The rise of public transport in particular in São Paulo – the bus as well as the subway, on the part of Mayor Haddad and Governor Alckmin, affects mainly poor people, living in the suburbs, in its majority, black. Nevertheless, the presence of blacks in the demonstration that took to the streets of São Paulo on Monday (June 17th) was virtually nonexistent.
The protest started around 5pm, at Largo da Batata, in the Pinheiros neighborhood. A sea of people – mostly young, with an average age between 20 and 25 years carrying signs calling for the cancellation of the increase, and criticism of President Dilma Rousseff, Alckmin and FIFA, the organization that is organizing the 2014 World Cup – spread to Faria Lima, Berrini Avenues, Ponte Estaiada, Marginal Pinheiros and Avenida Paulista.
Only Frei David Raimundo dos Santos, executive director of Educafro, joined the demonstration for a few miles in the company of five students from the organization, carrying a banner directed at President Dilma Rousseff that demanded quotas for blacks.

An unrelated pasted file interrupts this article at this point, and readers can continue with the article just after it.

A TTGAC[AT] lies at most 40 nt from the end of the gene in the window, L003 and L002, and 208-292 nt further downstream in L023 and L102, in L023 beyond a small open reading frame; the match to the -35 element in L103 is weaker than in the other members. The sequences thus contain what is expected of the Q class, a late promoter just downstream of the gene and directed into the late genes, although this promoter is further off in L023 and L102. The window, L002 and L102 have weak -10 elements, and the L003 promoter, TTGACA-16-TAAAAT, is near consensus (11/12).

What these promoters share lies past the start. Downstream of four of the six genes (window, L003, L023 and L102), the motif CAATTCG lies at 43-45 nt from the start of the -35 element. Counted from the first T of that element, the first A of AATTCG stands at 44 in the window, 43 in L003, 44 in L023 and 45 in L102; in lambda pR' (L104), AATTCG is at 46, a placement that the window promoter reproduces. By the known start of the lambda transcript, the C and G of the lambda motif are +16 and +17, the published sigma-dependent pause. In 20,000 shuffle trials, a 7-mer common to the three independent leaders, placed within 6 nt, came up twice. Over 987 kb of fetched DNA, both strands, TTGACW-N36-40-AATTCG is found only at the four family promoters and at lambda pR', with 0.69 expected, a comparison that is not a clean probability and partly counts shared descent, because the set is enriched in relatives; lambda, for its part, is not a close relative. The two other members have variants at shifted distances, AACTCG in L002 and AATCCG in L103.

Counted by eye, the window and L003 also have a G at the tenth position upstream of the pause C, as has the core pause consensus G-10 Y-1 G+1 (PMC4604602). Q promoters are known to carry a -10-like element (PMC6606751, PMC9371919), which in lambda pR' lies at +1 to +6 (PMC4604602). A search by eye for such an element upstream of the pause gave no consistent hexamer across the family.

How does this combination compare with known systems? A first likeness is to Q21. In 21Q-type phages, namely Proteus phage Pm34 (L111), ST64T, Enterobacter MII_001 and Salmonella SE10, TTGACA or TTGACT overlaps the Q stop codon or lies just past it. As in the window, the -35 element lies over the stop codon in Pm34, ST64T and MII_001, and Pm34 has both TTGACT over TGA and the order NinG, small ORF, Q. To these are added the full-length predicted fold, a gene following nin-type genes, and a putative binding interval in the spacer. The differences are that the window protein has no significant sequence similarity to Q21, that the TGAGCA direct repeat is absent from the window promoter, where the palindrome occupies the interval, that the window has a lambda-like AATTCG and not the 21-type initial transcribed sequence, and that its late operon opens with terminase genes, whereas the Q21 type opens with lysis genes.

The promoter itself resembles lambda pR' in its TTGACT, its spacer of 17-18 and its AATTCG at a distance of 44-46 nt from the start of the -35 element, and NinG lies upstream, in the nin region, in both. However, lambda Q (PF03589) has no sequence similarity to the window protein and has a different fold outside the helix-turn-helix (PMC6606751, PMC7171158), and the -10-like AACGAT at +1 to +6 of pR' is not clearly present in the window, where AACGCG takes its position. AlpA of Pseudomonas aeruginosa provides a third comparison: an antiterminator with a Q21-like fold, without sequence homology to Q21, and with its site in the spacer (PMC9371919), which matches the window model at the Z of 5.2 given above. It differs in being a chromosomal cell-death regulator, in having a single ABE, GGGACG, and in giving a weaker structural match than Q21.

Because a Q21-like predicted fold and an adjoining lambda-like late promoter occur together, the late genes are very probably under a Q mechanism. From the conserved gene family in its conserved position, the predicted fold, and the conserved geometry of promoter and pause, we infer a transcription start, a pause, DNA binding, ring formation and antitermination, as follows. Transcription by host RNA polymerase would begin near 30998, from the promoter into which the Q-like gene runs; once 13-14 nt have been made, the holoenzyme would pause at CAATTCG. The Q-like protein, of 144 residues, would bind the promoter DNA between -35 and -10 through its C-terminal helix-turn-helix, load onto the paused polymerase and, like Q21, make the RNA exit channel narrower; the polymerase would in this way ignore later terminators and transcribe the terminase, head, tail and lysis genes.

Although the main slogan of the protests is the readjustment of R$0.20 in fare, the demonstrations began to vocalize popular discontent with spending being made by the government for the World Cup, the poor quality of education and public services in general, politics and corruption in the country.
According to the general coordinator of UNEGRO, historian Edson França, the participation of activists should be on the agenda of a meeting which should happen in the next days.
“The demonstrations against rising fare costs show that the people are demanding more, the social dimension is important, but does not answer all the impasses that hinder the development of the nation and the Brazilian people. The demonstrations have taken the streets of São Paulo maintain a deep dissatisfaction generated by increased public transportation passes. There is a huge dissatisfaction with the direction the country has followed,” he said at the end of the night, in a text published on its social network, adding that the social base of the movement is the same youth who “occupied the streets of Brazil in the “diretas-já (rights now)” movement and the “For Collor (Get out, Collor)” referring to popular movements against the military dictatorship in the 60s and 70s and the impeachment of ex-president Fernando Collor on corruption charges in the early 1990s.
França said on Tuesday (June 18th) entities of social movements should attend a meeting with Mayor Fernando Haddad to discuss alternatives to the proposed fare increase.